We investigated the association of dietary α-tocopherol, γ-tocopherol, and supplemental vitamin E intake with the risk of esophageal squamous cell carcinoma (ESCC; n = 158), esophageal adenocarcinoma (EAC; n = 382), gastric cardia adenocarcinoma (GCA; n = 320), and gastric noncardia adenocarcinoma (GNCA; n = 327) in the NIH-AARP Diet and Health Study, a cohort of approximately 500,000 people. Data on dietary and supplemental vitamin E intake were collected using a validated questionnaire at baseline and were analyzed using Cox regression models. Intakes were analyzed as continuous variables and as quartiles.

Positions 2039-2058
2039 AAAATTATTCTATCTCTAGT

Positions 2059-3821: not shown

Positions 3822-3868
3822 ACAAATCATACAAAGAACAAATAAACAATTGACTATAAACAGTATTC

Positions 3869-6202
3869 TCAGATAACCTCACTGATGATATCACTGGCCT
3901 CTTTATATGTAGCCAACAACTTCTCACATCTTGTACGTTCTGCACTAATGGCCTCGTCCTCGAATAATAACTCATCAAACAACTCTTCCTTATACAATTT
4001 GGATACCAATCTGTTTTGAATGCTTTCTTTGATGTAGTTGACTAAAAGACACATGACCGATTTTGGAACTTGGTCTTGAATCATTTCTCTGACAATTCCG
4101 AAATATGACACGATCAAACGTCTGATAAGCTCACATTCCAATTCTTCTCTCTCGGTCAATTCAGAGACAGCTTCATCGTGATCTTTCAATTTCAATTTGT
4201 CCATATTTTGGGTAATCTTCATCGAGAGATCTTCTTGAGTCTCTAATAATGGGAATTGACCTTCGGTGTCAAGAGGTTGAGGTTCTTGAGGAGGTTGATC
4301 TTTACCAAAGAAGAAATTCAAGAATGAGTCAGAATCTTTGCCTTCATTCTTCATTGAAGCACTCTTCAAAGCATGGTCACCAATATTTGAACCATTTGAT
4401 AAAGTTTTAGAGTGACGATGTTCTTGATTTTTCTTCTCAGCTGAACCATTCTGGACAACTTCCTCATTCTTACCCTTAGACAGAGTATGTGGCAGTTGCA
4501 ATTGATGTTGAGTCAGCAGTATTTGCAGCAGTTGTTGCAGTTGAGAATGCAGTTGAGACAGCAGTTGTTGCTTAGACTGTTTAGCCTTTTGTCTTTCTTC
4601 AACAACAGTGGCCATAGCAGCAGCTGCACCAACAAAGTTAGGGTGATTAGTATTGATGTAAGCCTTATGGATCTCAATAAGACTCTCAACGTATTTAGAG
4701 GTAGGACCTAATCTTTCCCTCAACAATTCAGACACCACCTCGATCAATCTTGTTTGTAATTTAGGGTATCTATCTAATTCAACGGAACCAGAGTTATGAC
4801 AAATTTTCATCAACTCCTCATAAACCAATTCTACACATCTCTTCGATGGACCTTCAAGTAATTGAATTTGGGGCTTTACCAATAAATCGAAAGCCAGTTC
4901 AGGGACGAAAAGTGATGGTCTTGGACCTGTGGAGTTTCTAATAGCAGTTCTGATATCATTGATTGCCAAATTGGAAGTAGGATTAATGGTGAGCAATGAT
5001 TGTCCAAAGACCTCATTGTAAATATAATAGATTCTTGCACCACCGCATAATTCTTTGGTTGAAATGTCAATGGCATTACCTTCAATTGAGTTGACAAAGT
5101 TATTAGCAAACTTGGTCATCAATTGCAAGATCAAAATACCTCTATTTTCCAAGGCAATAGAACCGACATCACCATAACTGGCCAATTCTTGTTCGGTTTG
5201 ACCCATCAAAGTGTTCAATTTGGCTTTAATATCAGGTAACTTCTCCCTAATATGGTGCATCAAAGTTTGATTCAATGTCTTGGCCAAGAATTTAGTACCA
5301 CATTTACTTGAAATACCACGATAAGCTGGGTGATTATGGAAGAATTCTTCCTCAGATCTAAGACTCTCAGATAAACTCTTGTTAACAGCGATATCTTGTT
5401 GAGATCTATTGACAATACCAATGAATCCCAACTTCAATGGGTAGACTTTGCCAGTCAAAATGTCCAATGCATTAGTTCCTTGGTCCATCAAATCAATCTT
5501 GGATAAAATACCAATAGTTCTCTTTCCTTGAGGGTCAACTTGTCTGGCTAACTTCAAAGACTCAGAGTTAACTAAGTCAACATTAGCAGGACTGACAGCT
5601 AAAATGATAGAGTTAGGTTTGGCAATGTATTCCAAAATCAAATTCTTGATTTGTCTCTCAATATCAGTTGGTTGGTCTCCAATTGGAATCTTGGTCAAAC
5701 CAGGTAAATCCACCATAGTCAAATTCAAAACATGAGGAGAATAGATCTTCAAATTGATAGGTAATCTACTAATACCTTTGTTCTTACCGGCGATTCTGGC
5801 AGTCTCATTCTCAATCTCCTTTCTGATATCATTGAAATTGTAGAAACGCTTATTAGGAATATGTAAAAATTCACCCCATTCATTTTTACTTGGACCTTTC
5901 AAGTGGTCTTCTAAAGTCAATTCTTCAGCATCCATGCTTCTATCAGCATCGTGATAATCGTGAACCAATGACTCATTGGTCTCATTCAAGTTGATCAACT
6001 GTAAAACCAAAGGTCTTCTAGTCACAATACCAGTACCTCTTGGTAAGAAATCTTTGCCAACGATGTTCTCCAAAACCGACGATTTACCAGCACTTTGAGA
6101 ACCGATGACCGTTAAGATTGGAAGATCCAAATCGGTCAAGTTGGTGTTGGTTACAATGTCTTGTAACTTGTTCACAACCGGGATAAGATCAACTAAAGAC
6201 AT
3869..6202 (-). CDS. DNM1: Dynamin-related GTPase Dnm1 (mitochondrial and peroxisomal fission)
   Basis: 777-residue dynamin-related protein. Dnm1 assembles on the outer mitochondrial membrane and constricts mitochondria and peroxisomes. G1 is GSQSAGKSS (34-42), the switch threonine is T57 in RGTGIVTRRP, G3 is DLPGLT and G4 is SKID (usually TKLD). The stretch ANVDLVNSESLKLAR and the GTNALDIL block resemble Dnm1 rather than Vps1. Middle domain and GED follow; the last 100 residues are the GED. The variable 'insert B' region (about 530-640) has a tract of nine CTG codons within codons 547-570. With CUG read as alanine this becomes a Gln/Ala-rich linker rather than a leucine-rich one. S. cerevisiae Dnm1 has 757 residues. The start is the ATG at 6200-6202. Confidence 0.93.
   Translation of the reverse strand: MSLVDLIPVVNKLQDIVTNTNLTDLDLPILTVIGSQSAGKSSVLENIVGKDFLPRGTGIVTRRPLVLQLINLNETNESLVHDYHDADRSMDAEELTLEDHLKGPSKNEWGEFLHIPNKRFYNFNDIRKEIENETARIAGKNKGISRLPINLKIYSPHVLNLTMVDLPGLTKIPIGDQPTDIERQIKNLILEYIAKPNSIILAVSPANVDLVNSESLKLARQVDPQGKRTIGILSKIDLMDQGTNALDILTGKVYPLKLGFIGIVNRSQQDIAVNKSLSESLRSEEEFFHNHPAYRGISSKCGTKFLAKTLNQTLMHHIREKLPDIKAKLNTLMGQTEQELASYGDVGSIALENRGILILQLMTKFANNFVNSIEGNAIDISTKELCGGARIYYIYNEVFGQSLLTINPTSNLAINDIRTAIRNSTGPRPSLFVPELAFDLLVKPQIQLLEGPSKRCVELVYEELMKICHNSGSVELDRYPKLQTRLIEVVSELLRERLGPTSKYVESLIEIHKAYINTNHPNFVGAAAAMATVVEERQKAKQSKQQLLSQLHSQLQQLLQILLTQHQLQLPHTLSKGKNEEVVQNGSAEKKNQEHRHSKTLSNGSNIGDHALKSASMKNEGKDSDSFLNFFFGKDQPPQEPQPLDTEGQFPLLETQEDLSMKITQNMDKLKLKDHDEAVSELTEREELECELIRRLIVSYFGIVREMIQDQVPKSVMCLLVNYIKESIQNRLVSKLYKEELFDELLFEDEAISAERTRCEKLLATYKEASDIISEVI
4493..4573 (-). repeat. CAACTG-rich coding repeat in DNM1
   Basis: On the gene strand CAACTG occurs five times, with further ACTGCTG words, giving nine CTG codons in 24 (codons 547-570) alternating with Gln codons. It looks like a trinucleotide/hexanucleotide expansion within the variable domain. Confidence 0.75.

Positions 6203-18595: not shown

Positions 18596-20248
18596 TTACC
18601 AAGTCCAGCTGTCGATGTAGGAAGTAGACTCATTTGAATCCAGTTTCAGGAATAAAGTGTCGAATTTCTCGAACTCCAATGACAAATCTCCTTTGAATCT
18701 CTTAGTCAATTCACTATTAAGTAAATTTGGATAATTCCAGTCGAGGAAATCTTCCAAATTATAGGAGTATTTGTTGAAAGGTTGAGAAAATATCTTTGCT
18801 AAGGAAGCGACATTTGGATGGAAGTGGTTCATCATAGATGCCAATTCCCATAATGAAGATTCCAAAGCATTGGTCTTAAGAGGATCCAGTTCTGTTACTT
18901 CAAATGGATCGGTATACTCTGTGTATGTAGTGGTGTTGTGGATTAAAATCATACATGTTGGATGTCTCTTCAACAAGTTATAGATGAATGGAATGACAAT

For dietary α-tocopherol, we found some evidence of association with decreased ESCC and increased EAC risk in the continuous analyses, with adjusted hazard ratios (HR) and 95% confidence intervals (CI) of 0.90 (0.81 – 0.99) and 1.05 (1.00 – 1.11), respectively, per 1.17 mg (half the interquartile range) increased intake. However, in quartile analyses, the p-value for trend was non-significant for both of these cancers. There was no association between dietary α-tocopherol and GCA or GNCA. We observed no statistically significant associations with γ-tocopherol. For supplemental vitamin E, the results were mainly null, except for a significantly lower risk of GNCA with higher doses of supplemental vitamin E. An increase of 71 mg/day (half the interquartile range) in supplemental vitamin E had an HR (95% CI) of 0.92 (0.85–1.00) and the p-value for trend in the quartile analyses was 0.015.